“We bought cracked eggs, which were cheaper, but they were eggs,” he said with a shrug. “We were okay.”
It was his family’s financial straits that first introduced the future mathematician to game theory. His mother would occasionally bring home treats, such as a candy bar, to be divided between her two sons. Like most normal children, they would complain about the sweet’s division.
His mother hit upon a brilliant plan: Aumann would divide, and then his brother Moshe would choose. That way, neither could complain and Aumann was incentivized to carve up the portions fairly. Like every good Jewish son, he laughed, he owes his success to his mother.
Asked why he is attracted to the field of mathematics, he pondered and said, “It’s beautiful stuff.” He enjoys the precise thinking, he said, calling it “an art.”
A game with severe consequences
After he came of age during the Cold War, much of Aumann’s early work in game theory dealt with strategic thinking about deescalating the arms race between the Soviet Union and the United States.
It was an existentially frightening period and in the 1960s, for example, there was a trend in the US for private individuals to build and stock bomb shelters. The Soviets, he said, saw this as extremely aggressive behavior because they viewed it as preparing for a second strike. Essentially, in Soviet thinking, the bomb shelters meant the Americans would attack and then hole up for the Soviet response.
“Game theory was the backbone of policy in the Cold War period,” he said, adding that former US secretary of state Henry Kissinger had been a professor in the field at Harvard University.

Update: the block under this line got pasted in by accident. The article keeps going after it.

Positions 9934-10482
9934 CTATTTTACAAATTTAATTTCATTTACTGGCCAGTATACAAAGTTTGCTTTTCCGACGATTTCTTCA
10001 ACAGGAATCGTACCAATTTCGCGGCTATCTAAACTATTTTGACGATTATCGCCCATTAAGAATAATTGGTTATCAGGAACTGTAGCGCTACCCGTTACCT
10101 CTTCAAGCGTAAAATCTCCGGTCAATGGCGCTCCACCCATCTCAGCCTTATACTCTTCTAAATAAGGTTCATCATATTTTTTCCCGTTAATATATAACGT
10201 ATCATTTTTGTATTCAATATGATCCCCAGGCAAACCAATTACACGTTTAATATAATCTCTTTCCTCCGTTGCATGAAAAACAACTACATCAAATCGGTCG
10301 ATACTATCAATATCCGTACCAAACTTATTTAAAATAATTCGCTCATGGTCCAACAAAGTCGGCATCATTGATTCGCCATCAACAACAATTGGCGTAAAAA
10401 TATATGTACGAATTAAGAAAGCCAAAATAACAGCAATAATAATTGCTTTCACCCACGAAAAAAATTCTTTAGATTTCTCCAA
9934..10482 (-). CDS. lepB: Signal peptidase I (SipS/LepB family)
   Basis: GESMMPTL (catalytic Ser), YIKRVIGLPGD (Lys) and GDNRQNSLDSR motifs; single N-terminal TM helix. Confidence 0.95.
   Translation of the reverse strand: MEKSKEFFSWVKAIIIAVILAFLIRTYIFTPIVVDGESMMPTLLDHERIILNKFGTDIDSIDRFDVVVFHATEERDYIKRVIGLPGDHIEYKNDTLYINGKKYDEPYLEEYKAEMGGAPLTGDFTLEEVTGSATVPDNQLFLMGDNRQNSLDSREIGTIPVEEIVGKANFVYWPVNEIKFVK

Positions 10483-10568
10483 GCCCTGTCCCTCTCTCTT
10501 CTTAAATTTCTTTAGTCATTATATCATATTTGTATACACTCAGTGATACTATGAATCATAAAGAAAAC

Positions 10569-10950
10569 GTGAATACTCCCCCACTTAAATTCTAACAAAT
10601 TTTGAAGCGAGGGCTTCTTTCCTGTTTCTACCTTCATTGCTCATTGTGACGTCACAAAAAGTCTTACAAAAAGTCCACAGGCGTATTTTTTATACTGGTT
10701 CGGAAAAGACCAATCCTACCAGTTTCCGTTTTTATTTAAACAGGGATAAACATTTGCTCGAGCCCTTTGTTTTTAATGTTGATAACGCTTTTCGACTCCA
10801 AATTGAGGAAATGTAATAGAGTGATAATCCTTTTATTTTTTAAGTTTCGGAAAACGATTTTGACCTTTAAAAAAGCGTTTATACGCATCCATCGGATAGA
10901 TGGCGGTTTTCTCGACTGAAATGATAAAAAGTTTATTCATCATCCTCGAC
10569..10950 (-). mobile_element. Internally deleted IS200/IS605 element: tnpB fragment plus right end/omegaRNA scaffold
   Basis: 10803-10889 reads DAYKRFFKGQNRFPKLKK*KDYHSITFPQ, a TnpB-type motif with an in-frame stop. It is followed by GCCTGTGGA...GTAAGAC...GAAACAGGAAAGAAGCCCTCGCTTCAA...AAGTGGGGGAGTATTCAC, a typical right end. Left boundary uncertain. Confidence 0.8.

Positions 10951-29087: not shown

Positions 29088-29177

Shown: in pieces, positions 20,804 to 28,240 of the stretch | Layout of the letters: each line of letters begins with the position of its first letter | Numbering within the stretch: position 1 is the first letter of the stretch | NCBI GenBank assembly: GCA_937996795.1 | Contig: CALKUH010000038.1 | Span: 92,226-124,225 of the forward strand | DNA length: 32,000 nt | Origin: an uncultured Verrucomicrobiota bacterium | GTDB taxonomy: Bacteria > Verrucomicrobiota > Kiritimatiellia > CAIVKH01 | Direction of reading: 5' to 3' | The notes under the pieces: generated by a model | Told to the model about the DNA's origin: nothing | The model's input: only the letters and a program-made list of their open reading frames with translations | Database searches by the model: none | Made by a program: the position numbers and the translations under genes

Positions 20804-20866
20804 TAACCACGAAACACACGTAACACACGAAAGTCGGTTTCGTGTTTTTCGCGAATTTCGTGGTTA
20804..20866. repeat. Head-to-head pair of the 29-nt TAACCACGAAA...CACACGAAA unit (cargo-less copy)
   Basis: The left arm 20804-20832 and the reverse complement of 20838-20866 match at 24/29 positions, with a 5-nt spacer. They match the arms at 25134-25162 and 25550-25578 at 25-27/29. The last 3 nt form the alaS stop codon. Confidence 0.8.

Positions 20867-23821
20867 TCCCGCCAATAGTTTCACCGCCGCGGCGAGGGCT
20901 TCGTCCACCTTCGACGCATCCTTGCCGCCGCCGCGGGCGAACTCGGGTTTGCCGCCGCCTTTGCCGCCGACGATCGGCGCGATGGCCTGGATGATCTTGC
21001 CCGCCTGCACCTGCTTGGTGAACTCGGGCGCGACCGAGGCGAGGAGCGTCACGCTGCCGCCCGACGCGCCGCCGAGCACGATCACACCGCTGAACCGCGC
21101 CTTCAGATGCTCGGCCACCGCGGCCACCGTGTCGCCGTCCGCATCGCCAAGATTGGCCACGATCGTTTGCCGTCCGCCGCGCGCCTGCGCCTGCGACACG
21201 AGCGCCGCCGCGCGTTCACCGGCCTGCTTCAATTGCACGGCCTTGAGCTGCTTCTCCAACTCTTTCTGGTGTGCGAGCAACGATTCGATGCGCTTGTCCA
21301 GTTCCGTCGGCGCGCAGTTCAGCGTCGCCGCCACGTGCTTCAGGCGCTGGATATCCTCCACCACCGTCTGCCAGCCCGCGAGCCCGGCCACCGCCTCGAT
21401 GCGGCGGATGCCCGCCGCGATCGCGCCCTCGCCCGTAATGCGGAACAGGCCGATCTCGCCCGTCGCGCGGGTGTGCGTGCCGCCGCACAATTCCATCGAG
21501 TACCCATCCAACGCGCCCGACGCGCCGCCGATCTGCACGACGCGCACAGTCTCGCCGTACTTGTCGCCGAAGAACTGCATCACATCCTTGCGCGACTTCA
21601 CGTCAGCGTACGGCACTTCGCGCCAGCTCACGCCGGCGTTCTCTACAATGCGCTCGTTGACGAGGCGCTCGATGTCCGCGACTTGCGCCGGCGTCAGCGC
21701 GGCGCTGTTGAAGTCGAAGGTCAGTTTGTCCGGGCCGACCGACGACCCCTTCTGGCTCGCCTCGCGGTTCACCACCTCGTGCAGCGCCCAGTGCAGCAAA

The key, he said, is to maintain a “balance of fear” such that neither side would use their burgeoning stockpile of weapons.
During the 1962 Cuban Missile Crisis, however, that balance was precarious and, said Aumann, “I thought the world would end in three weeks. It was scary stuff!”
Finding a balance of fear in the Middle East
Everybody wants peace in the Middle East, said Aumann; however, proclaiming that desire may actually drive the fulfillment of it farther away. This applies, too, to any “concessions,” such as the 2005 Disengagement from Gaza, in which Israel unilaterally pulled its settlers and troops from the region, which quickly became a stronghold for the terrorist organization Hamas.
“When you shout, ‘peace, peace, peace,’ then it’s a signal [to the adversary] to up the price,” said Aumann. “The expulsion from Gaza — ancient history — was a very very bad move,” he said, and taught the Palestinians that if they put on enough pressure, Israel will capitulate. “We are giving them incentives to press on,” he said.